This day last week, the cyber world was speculating on how many people would lose their access to websites after the much-publicized shutdown by the FBI of rogue servers set up by fraudsters. The criminals had unleashed the DNS Changer malwareover many years that changed the DNS setting of infected computers thereby redirecting users to fake sites instead of the real ones.
So what happened after the FBI shut down the rogue servers on July 9 at 12.01 am? How many people lost access to internet? In India, 19,642 networks were known to be infected, according to DNS Changer Working Group.
It's impossible to accurately put a figure on internet disruption caused by the malware. All users do encounter break in connectivity for one reason or the other. Normally, it comes back on its own after a few minutes. But when the disruption is prolonged, users call up their service providers, who as part of the solution advise customers to reset their DNS settings. So it's difficult for any user or service provider to accurately say that the internet disruption was caused by the DNS malware.
However, Trend Micro's senior threat researcher Feike Hacquebord, going by data on infected networks, estimates that about 3 lakh users around the world would have experienced disruption. He says a much bigger disruption happened in 2008 when web hosting provider Atrivio (which was hosting the data centre of the DNS malware creators) had gone down.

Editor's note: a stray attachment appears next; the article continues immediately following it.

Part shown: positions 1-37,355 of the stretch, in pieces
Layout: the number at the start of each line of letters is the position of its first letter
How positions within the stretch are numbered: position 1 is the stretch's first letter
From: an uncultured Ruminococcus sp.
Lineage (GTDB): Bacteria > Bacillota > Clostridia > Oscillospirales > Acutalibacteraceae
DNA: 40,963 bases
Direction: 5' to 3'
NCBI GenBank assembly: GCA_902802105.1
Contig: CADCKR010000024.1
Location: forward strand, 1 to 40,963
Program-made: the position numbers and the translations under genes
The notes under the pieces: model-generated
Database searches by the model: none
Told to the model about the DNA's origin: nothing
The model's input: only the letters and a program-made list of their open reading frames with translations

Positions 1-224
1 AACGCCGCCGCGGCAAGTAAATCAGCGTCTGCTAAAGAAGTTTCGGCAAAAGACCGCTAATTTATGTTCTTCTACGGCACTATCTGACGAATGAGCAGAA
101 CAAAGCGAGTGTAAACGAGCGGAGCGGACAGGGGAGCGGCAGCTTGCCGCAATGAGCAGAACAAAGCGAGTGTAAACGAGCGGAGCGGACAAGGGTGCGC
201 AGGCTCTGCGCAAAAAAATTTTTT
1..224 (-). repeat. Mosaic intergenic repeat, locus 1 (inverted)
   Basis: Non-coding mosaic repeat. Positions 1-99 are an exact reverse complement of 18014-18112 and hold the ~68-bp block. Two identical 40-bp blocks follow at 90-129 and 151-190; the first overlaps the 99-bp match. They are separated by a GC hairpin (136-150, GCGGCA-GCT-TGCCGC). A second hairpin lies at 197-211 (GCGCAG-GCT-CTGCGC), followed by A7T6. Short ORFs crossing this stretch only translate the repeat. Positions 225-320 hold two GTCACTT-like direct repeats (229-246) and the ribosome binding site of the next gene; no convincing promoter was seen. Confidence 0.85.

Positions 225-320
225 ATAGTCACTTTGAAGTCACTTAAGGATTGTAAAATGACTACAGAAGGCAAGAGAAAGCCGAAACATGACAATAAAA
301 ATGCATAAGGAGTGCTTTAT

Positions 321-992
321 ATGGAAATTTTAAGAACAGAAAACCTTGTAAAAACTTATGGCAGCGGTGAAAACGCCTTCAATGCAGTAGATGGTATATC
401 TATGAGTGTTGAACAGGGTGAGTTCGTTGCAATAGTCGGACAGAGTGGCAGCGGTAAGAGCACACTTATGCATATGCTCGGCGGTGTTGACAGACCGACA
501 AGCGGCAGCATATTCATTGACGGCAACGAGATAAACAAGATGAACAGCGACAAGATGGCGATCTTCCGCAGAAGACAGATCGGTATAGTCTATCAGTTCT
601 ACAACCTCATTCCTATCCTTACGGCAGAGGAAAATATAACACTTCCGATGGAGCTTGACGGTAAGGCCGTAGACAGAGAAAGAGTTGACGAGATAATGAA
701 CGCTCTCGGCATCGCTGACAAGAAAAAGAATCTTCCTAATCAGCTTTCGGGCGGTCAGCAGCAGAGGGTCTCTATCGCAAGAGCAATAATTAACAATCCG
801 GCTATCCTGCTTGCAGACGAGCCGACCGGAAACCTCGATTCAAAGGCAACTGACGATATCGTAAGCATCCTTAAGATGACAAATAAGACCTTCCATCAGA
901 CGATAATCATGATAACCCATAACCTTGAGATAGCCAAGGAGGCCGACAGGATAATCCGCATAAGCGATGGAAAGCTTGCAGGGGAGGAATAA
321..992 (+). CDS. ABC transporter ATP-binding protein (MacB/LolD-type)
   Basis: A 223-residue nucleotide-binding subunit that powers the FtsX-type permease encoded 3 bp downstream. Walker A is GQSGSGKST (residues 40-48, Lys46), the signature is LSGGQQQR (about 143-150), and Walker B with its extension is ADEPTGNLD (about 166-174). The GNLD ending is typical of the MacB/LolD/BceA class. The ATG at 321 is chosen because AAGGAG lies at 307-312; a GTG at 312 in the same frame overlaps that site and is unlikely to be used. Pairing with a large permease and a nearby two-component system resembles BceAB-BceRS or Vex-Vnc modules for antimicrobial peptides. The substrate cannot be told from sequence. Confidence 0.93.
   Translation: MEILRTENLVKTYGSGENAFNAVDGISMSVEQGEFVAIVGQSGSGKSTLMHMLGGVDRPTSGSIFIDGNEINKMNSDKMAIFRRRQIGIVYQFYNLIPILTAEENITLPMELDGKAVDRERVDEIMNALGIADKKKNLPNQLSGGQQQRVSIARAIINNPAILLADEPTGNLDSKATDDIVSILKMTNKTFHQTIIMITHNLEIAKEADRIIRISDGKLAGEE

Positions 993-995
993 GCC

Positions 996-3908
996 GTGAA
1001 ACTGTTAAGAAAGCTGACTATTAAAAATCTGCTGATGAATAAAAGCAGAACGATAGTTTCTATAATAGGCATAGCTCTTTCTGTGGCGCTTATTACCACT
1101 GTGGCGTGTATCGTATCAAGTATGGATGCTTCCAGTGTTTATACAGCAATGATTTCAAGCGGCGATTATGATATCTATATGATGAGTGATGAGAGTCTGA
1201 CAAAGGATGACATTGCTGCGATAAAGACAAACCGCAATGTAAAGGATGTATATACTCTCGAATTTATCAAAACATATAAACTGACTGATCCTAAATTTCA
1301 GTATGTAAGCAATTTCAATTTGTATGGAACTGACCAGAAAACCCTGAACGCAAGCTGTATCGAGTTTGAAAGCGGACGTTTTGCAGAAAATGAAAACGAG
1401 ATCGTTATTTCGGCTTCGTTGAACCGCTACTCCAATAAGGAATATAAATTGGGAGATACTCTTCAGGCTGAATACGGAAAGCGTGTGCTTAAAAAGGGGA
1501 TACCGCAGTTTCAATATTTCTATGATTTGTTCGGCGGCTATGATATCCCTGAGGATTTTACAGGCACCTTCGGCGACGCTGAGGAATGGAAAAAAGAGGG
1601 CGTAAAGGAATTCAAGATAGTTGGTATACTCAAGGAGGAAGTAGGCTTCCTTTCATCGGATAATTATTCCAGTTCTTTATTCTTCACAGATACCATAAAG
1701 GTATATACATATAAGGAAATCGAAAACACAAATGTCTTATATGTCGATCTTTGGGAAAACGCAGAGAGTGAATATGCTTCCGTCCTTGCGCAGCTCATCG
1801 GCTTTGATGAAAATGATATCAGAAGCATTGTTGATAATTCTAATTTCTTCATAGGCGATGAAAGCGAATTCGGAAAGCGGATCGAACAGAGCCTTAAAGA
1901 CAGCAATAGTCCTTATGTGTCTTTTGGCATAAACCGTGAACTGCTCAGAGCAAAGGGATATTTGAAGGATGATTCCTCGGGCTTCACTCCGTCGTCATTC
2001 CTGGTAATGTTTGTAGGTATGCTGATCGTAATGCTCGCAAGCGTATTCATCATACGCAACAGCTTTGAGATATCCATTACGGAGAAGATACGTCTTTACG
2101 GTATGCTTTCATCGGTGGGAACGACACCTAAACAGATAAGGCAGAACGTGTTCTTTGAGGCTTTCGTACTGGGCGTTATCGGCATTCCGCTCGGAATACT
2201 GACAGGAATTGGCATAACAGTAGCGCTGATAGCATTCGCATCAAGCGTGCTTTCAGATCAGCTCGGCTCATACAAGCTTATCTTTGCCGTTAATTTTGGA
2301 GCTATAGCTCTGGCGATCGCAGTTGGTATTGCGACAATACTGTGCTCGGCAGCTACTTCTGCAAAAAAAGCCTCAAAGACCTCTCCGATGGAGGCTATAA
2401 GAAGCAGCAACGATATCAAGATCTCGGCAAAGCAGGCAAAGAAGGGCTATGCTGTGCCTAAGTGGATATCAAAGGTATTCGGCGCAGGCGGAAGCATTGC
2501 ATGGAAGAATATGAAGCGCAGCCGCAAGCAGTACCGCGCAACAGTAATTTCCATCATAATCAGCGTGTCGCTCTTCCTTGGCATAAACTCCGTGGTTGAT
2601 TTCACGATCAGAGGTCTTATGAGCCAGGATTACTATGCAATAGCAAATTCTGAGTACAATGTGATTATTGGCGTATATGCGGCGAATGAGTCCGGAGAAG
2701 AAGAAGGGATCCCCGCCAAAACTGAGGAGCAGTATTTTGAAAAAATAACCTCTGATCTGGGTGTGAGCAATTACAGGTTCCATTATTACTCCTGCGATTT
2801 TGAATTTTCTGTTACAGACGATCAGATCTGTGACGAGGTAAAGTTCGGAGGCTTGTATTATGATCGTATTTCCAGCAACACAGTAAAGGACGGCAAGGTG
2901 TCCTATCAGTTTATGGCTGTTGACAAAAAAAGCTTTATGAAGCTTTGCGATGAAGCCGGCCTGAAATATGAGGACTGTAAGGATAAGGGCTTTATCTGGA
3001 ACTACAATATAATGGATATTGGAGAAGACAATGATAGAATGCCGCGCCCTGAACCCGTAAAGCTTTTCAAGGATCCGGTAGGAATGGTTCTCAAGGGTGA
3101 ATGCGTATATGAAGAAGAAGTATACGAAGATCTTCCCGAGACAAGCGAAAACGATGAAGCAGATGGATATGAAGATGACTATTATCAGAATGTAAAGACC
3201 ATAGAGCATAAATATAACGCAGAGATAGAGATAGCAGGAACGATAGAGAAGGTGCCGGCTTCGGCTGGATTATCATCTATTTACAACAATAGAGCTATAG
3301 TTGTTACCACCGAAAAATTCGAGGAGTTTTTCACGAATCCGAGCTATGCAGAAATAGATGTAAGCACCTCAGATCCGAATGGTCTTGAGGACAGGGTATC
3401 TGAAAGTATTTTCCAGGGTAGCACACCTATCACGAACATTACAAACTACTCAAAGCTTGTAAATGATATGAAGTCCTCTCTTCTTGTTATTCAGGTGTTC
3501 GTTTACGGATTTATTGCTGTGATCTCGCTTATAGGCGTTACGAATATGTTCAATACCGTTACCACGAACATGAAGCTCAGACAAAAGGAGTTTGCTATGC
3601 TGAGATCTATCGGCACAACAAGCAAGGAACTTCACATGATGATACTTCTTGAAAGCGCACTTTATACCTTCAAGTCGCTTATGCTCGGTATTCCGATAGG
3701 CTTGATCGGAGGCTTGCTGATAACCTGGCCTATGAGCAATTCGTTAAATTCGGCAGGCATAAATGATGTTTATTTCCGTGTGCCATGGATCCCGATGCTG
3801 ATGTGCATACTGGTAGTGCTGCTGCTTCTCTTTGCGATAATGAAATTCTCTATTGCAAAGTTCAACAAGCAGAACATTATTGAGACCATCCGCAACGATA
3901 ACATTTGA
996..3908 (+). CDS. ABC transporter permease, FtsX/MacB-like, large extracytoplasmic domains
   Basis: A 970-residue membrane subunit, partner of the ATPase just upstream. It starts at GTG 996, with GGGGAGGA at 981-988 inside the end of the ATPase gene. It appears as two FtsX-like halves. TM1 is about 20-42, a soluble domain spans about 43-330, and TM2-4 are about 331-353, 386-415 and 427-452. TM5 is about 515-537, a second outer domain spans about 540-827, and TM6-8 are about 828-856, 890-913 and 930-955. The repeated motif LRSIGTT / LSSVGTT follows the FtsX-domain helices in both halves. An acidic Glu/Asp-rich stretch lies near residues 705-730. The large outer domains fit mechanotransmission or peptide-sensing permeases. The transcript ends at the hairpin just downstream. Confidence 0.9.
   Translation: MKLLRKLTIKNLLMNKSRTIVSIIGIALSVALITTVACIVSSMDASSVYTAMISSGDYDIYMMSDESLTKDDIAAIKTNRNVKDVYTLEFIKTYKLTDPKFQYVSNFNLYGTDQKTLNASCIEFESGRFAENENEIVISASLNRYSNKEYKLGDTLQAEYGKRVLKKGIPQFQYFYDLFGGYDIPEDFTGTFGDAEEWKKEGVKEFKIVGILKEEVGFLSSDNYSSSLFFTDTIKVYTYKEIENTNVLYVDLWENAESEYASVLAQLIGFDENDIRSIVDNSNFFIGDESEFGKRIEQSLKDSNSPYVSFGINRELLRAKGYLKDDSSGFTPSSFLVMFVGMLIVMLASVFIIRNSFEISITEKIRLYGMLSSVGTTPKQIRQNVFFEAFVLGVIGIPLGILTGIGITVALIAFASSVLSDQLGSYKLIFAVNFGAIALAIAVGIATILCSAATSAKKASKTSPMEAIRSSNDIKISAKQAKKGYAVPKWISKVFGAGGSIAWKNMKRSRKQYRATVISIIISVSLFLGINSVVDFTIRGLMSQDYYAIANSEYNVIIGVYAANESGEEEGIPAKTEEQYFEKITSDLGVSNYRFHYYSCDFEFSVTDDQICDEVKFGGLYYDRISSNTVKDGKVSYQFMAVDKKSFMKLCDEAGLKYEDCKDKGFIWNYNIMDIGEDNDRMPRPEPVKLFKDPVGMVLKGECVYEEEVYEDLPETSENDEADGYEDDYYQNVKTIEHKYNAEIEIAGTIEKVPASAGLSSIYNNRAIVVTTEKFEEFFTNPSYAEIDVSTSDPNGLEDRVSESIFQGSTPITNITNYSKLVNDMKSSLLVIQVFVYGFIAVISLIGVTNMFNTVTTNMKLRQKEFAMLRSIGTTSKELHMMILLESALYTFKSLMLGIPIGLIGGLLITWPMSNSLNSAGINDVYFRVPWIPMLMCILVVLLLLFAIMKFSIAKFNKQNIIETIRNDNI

The cyber world was spared of the "doomsday" that some security-paranoid netizens predicted. There are many reasons. A major one is the general awareness created over the past many months about the malware, and the planned shutdown. Security firms, companies like Google and Facebook, and service providers collaborated with other stakeholders in the DNS Changer Working Group to clean up the cyber mess. They sent out warning notes and tips to users whose computers had been infected.
Another reason is that security solutions have either blocked DNS Changer malware intrusion attempts or removed the malware from infected computers. Kaspersky Labs says that this year alone, it detected 1,01,964 attempts by DNS Changer malware to infect its users.
So, in all probability, the curtains are down on one of the longest-running and most widespread cyber crimes we have seen.